On one side of “Yankee Hotel Foxtrot” and our lives, a complicated, distinctly American noise. Played through a floor-to-ceiling stack of Marshall amplifiers, the sound comprises many tones. Trumpets playing fanfares for half-truth histories and the low electric hum of gas-station floodlights; a marching band’s Friday-night liturgy and the heavens splitting over New Mexico, baptizing your windshield in the way of an unfettered priest.
“Ashes of American Flags” arrives midway through “Yankee Hotel Foxtrot,” as much an American masterpiece as an Edward Hopper scene, the breathless opening of a Don DeLillo novel or Franz Wright’s line about hope “unendurable, unendurable.” Tweedy steps around opening sounds of broken glass, guitar, and drums pushing him through the door into this national noise.
Craving a resurrection, he sifts his options: maybe a few bucks’ worth of “diet Coca-Cola and unlit cigarettes,'' some fresh air or the burning down of all we falsely hold sacred. Somewhere between these choices, he wonders aloud “why we listen to poets when nobody gives a fuck.”
Living through the noise, praying for more, I stack books on top of each other—a James Baldwin on a Joy Harjo on a Ted Kooser on a Tracy K. Smith—and ask America to swear an oath, to really listen this time as the poets break the clamor. I fear it’s all in vain.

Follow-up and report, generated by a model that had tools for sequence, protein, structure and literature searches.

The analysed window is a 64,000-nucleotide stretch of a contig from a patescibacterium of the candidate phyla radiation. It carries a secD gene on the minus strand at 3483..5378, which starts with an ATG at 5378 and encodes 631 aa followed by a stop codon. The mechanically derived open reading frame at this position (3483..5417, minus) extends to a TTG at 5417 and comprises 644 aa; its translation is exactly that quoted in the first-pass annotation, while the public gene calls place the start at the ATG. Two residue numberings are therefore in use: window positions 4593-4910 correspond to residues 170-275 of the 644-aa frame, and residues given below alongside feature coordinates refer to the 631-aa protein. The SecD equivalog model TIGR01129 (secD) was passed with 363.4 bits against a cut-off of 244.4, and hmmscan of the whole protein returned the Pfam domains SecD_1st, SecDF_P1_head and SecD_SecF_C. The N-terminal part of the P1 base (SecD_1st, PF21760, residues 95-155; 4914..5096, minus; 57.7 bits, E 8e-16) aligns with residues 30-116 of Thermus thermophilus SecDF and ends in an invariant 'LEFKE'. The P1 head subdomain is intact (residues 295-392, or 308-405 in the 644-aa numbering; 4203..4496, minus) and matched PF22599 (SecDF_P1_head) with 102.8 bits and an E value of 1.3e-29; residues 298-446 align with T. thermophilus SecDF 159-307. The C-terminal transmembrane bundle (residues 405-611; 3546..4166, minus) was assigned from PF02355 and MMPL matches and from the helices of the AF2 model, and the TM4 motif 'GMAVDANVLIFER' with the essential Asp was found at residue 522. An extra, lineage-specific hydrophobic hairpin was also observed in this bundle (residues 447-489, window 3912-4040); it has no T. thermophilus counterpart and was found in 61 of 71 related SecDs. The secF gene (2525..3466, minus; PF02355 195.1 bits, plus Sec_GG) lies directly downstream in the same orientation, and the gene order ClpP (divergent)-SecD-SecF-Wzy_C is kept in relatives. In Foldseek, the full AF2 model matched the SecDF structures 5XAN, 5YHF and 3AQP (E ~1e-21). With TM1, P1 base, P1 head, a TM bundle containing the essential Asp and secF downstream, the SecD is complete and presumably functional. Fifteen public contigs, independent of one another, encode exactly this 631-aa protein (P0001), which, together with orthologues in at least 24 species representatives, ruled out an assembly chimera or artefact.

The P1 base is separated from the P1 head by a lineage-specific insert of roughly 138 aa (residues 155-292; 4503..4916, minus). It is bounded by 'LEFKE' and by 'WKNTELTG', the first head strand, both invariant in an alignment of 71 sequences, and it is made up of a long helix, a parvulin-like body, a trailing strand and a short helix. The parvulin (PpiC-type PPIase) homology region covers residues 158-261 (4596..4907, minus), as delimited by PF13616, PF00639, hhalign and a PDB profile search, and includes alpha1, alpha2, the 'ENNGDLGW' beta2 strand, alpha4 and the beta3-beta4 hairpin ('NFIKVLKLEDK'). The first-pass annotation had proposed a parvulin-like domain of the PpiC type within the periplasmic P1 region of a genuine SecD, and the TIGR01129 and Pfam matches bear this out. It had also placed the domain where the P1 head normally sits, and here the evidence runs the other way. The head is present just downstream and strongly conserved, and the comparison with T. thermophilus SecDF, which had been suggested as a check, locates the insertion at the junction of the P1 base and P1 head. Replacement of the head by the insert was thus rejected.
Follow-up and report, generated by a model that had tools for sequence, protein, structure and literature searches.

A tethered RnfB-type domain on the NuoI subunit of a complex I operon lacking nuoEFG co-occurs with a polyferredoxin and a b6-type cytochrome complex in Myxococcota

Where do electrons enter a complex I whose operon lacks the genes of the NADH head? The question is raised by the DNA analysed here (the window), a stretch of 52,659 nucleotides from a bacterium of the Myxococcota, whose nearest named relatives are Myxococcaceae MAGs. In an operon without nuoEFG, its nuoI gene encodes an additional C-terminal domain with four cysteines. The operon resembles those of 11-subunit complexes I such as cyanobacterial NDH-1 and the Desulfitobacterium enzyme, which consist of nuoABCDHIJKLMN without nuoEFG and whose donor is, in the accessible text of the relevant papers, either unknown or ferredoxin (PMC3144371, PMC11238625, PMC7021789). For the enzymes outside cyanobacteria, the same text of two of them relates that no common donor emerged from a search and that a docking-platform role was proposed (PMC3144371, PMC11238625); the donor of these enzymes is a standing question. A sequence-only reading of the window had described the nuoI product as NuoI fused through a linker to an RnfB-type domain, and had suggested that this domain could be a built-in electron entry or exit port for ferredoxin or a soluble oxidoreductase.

In the other field grows the commotion of our personal histories. Tweedy sings through and into a long-term relationship with his wife Sue. Lucid moments emerge even when he can’t hear himself think, his purposes ringing like a bell. “I’m the man who loves you,” he sings in one.
Other times, he offers what might read like platitudes on paper; sung into a microphone, they stand, propped up by the true weight of love. “Jesus, don’t cry / You can rely on me, honey,” he croons.
On “Radio Cure,” he delivers another (“Cheer up, honey I hope you can”) before his mind slips into more ephemeral images (“silvery stars, honey, kisses, clouds of fluff, shoulders shrugging off”).
Sometimes I strain to speak my love and what comes out is a Tweedy lyric: “I want to hold you in the Bible-black predawn.”
Some days, stationed between blaring radios, your come-ons come out “Let’s undress just like cross-eyed strangers,” as Tweedy sings on “I Am Trying to Break Your Heart.” Or you wind up screaming over the din, scraping your throat to offer the best of what you have left, the way he does at that song’s end.
Twenty years into my own covenant, dishwashers hiccup, and coffee pots take up a tragic Morse code, telling you two hours have passed and the world inside is cold. My child talks over his favorite TV show and I hear disappointment in my best friend’s account of the day. Thick noises, prompted by anxiety and fear and internal performance reviews, threaten to outdo my heartbeat.